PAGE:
The Lord’s Supper4 min read


The Lord of the Lord’s Supper
The reason of the Lord’s supper would be lost if the Lord of the supper was not recognized. This is the very purpose of it: to remember the Lord’s death and resurrection until He come. It is to remind us of Him until we are in His presence in eternity. The focus and the purpose is Him.

Because of the importance of the feast, it is every disciple’s obligation who is saved and baptized to take part in this supper. We must do it, making it our absolute priority, because the Lord commanded it. We must never forsake it for any reason, whether being a job, fatigue, or a lack of desire. We must heed His command.

It should be obvious by now because of the command and purpose that the centrality must be Christ. Being at the Lord’s supper helps us to appreciate more about Christ and the depths of His love, something that is indescribable. These precious thoughts are ones that nothing on earth can buy. Should this time not be redeemed considering how short it really is?

Loyalty to the Lord’s Supper
One may wonder how often this supper must be held and how loyal we must be to it. Consider these points, and it will be clear that loyalty to the supper must be a characteristic of all who take part in it.

  • Acts 20:7 – “On the first day of the week, when we were gathered together to break bread…”
  • Acts 2:42 – And they devoted themselves (were constantly diligent) to the apostles’ teaching and the fellowship, to the breaking of bread and the prayers.
  • We are to expect His coming (Luke 12:36). We should want to worship as much as possible before He comes.
  • As Christians, we should want to remember Him.
  • We need to be reminded of Him, or else our focus will become lost and off of the ‘finish line’ as it were.

Lacking at the Supper
First Corinthians 11 speaks of one who is partaking in this small feast of the bread and wine in an unworthy manner. The person in this passage was not discerning the importance and understanding the purpose of the feast. The consequences were severe, he was eating and drinking his own damnation, he was weak and sickly and some had even died. To appreciate the value and importance of this feast must be understood by all who have a desire to partake of the Lord’s supper before joining the fellowship of a local assembly. We must treat the supper with respect and approach it only on the grounds of His finished work.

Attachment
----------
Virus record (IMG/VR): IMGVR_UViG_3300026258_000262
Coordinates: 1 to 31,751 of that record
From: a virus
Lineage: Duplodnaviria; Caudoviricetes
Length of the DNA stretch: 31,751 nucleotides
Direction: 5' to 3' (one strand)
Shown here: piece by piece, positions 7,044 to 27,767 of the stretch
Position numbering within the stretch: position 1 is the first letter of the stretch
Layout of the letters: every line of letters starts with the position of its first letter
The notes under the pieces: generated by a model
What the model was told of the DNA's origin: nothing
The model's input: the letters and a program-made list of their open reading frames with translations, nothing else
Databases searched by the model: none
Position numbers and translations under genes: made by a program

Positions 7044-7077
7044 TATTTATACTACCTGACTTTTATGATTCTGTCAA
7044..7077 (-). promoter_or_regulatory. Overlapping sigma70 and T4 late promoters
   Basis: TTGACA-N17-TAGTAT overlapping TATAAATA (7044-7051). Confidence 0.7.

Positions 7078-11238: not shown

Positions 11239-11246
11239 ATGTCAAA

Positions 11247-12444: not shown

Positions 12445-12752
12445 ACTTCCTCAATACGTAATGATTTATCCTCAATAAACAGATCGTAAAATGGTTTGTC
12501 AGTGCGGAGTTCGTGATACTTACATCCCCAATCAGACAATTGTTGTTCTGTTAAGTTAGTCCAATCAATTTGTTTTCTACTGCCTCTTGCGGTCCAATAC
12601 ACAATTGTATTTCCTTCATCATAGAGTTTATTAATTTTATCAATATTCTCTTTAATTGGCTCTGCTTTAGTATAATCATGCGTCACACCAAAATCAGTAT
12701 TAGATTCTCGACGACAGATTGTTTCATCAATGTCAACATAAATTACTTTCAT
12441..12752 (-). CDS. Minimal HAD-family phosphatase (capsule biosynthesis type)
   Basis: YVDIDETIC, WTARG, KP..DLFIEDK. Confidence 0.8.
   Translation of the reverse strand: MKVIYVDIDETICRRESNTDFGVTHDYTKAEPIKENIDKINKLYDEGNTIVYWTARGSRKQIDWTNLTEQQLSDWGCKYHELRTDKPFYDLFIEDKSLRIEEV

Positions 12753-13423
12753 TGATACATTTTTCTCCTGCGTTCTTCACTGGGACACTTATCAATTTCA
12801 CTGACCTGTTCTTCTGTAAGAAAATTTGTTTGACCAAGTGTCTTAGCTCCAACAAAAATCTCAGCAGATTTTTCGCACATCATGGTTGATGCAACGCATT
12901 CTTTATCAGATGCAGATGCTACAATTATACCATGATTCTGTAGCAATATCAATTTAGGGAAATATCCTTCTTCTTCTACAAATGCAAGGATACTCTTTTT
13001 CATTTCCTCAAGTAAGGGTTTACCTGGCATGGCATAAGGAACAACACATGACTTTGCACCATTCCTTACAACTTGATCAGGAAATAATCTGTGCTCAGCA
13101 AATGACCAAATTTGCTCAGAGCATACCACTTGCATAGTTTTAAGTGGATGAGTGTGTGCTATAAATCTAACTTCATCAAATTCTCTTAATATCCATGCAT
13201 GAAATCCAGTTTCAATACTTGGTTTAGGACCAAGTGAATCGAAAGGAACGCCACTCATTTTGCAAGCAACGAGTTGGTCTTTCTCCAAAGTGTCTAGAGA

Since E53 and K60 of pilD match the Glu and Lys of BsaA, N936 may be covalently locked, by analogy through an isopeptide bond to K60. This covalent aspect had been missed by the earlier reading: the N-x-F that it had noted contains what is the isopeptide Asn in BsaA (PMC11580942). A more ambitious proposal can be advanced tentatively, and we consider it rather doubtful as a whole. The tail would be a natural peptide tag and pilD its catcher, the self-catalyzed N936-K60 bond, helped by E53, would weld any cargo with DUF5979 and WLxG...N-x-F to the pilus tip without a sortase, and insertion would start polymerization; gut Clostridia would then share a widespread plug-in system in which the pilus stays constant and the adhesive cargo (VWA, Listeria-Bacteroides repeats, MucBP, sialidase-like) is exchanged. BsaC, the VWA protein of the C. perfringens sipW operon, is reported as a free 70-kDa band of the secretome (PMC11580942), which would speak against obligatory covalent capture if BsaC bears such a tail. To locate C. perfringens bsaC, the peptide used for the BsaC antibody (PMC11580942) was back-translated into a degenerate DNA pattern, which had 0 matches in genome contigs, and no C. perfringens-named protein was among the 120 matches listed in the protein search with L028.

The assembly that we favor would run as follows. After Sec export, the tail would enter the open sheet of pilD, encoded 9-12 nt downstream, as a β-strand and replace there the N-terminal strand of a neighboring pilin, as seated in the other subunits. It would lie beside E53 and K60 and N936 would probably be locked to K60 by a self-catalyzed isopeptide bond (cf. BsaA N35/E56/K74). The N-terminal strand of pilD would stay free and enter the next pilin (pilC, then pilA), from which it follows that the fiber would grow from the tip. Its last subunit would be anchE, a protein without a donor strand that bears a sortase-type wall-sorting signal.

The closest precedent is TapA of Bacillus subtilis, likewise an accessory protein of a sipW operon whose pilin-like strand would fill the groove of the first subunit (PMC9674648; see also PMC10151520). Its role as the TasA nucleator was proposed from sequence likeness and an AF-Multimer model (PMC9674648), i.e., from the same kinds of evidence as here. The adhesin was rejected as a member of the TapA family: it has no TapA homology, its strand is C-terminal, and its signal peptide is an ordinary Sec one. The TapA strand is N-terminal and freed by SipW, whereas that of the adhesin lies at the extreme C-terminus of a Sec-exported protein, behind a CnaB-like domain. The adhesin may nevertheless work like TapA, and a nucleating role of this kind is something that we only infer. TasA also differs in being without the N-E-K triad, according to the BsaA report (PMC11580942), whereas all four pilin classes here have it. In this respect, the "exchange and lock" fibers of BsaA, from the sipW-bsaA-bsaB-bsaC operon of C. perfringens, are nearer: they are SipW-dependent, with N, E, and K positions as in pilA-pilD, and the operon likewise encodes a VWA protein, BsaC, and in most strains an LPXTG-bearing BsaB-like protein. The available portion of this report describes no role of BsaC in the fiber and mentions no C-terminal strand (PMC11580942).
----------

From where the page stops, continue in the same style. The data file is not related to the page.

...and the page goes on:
The Lamb of the Supper: the Bread
The bread and wine both speak vividly of His death; however, they are both from different aspects. The bread represents His body that was given and the sufferings He went through. While we should have born that punishment in Hell for all eternity, He bore it in our stead. This should cause us when remembering Him to contemplate how willing He was to give His own body for us who rightly deserved His sorrows.

The Lamb of the Supper: the Blood
Scripture says that without the shedding of blood there is no remission of sins (Hebrews 9:22). Because of His freely shed blood, we are brought under the new covenant of grace, rather than the old covenant of the Law. Our true hope comes from the blood, for when God sees the blood applied to our hearts, the wrath of God no longer abides on us but is laid on Christ. He will pass over us, just as the Angel did in Exodus 12. The blood cleanses from sin, and because of this we can go boldly into His presence knowing that we are justified in His sight. Where no deeds of the law could justify, Christ’s blood has. “We have redemption through His blood, the forgiveness of sins, according to the riches of His grace.” Ephesians 1:7. When in His presence at the supper, we see His precious shed blood as a vivid reminder that His life was given, a sacrifice has been made, and we have been reconciled to God.

We will not understand the true depth of the meaning of the Lord’s supper until we are in eternity. So while we eagerly await his return, let us remember Him passionately as He has commanded us to do.  “By him therefore let us offer the sacrifice of praise to God continually, that is, the fruit of our lips giving thanks to his name (Heb 13:15).”

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